The Nature Conservancy in Shelburne borders land on Route 7 being developed by Vermont Rail System for transfer station operations that are slated to include salt and fuel storage. The conservancy filed a petition to be included in the proceedings for Vermont Rail’s Act 250 permit.
The conservancy would like a cooperative solution that addresses the protection of their property and conservation interests, and meets the needs of the town and Vermont Rail, said Eve Frankel, director of communications at the conservancy.
“While Vermont Rail claims preemption, it is unclear to what extent that preemption claim extends,” Frankel said. “We have not heard when this abandonment proceeding will be taken up or decided.”
The conservancy is participating in the Act 250 process as a mechanism for fact-finding, Frankel said. “We have participated in the Act 250 process since 1990 in the original permit process because we believe that the conditions in the permit provided necessary and critical protections for our investment.”
The LaPlatte River Marsh Natural Area is an ecosystem of statewide significance, providing critical habitat, floodwater storage and water quality services by filtering nutrients out of the water before it hits Lake Champlain, Frankel said. “We all know Lake Champlain has been a very compromised body of water and that we as a state are spending millions of dollars on improving,” Frankel said. “We believe the salt sheds would have significant impacts on the watershed in this area.”
Alicia Daniel, University of Vermont field naturalist said, “The extent of the damage to the floodplain is remarkable even at a distance. The lack of a buffer next to the river will certainly be an erosion problem, not even to mention the impact on the wildness and beauty of this site. After the clear-cut, a bobcat began to hunt on the other side of Route 7. That bobcat was found with a broken leg and killed out behind the Shelburne Farm yard. We know this from tracking it. Displacing wildlife, putting salt in a floodplain, and setting the site up for erosion and loss of soils is just the tip of the impact iceberg.”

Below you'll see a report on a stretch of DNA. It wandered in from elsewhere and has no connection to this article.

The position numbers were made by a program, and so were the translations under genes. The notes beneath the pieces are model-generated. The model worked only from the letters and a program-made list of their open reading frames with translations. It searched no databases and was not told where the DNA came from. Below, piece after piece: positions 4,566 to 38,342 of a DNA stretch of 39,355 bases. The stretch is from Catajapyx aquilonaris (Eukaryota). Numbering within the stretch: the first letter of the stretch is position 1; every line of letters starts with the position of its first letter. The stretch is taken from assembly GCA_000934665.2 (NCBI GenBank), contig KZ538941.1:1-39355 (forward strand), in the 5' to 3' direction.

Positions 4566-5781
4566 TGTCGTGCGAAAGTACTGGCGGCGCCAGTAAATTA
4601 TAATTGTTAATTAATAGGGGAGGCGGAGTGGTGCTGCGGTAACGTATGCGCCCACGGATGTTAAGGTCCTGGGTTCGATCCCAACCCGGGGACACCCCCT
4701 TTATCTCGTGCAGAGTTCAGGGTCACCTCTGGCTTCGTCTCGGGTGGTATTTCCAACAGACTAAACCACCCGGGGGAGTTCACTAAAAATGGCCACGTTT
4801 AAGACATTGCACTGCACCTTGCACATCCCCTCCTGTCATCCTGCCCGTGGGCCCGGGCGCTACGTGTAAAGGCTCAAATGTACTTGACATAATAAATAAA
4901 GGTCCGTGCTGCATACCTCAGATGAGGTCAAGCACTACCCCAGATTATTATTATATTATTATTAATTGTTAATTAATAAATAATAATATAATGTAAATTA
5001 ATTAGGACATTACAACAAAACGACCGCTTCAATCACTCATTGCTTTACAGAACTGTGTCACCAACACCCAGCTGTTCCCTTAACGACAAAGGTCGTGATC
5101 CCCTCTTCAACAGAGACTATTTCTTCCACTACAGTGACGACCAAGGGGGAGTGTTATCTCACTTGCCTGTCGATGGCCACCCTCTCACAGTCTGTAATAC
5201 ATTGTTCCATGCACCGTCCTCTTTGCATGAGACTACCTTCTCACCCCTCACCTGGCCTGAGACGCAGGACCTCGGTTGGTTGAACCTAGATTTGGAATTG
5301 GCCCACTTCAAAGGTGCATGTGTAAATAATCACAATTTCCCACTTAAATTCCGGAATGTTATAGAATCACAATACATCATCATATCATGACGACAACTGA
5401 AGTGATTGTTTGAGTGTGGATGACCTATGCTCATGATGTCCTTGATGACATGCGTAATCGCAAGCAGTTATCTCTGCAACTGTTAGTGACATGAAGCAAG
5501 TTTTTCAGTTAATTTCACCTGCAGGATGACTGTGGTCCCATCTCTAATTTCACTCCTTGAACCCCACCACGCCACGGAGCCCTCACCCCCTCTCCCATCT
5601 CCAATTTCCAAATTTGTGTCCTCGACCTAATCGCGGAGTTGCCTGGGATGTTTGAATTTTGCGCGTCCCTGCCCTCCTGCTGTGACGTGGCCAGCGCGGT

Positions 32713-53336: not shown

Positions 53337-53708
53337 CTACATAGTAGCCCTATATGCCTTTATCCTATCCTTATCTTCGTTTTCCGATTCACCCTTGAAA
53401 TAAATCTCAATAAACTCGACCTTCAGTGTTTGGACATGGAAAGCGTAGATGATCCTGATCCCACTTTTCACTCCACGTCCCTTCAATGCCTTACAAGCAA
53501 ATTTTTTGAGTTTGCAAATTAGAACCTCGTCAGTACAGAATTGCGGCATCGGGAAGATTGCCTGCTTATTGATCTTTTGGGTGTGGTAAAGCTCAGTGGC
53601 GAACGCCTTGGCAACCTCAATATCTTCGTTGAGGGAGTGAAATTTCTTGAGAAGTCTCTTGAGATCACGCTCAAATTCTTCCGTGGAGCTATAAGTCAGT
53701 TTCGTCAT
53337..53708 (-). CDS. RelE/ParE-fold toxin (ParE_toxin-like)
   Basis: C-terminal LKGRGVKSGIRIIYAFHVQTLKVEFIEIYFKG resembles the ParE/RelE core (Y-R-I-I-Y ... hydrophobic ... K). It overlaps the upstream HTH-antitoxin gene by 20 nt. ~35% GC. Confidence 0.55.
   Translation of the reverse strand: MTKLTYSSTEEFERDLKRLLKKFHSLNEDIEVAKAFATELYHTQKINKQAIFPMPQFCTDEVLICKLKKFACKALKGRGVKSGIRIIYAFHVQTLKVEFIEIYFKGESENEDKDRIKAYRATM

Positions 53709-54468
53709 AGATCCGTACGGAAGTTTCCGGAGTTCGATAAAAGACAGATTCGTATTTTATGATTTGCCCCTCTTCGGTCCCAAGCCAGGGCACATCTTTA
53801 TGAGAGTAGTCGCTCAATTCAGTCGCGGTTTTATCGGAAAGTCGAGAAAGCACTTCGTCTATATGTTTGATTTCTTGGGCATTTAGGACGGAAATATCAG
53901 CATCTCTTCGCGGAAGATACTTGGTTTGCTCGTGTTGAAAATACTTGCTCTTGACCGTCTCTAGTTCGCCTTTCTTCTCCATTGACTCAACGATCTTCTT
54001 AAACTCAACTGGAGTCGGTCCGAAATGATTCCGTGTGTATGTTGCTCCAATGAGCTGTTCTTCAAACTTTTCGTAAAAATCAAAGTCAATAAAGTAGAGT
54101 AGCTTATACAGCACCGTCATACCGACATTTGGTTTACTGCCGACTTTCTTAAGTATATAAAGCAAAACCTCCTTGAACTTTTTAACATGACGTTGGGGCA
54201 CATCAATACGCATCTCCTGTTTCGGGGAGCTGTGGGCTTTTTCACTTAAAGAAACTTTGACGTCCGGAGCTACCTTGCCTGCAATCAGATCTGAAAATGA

On March 16, when asked if any environmental impact studies had been conducted to date, Vermont Rail System President David Wulfson said, “Sorry. I’m not really able to talk details about the lawsuit but the project continues to move forward. We still have not received any information from the town about what it wants to see as far as additional project elements, but I understand the lawyers are working to set up a meeting.”
In an interview prior to litigation, Shelburne Director of Planning and Zoning Dean Pierce said the industrial zoning designation for the property west of Harbour Industries along Route 7 dates back many years. “I don’t know the entire history of the designation, but I believe the property’s close proximity to the railroad is a factor in the designation it has,” he said.
The Planning Commission (with input from prior owners, a real estate agent, a business owner, and groups like the Natural Resources and Conservation Committee) has considered changing the zoning for the property on more than one occasion, Pierce said. When the Planning Commission in 2011 got close to advancing a proposal to change the zoning, the property owner at the time, Mark Naud, withdrew his request for the change. And so, the property has retained its Commerce and Industry designation, Pierce said.
“Decisions concerning which zoning designation the property should have likely did not contemplate industrial or other development ever taking place without a local zoning and subdivision review,” Pierce said. “The idea that a particular type of land owner would enjoy a preemption of local and state land use regulations is not one that normally occurs to planning commissions.”
In Shelburne’s case, the town has been involved in the review of development proposals for the property going back to 1971, Pierce said. “In the late 1980s and 1990s the town reviewed plans for an industrial park on the property several times, applying conditions to the approval at every step.”
While conducting those reviews, the town was able to apply conditions to mitigate environmental impacts of the development, Pierce said.
Shelburne Selectboard chair Gary von Stange recently brought to light a state study conducted in 2000 that indicated the relocation of the Vermont Rail System facility from Burlington to Shelburne village was not compatible for trucking operations.
That Burlington and Rutland Railyard Relocation Feasibility Study reads, “The existing streets and land use would not be compatible for trucking operations necessitating the construction of a new access road.”
The engineering firm who prepared that report for the state and who are now hired by Vermont Rail System on the Shelburne project is Vanasse, Hangen, and Brustlin, Inc. (VHB).
VHB Managing Director Mark Colgan said, “The 2000 study reviews the feasibility of a site off Bay Road that is located 1.2 miles from U.S. Route 7. Bay Road itself was viewed as an insufficient access road for trucks traveling between U.S. 7 and the proposed rail yard site, therefore a new access road to U.S. 7 would be required.”
Shelburne Town Manager Joe Colangelo said the 2000 feasibility report and maps do not clearly state where the curb cut for that proposed project would have been. “The language is just vague enough,” Colangelo said.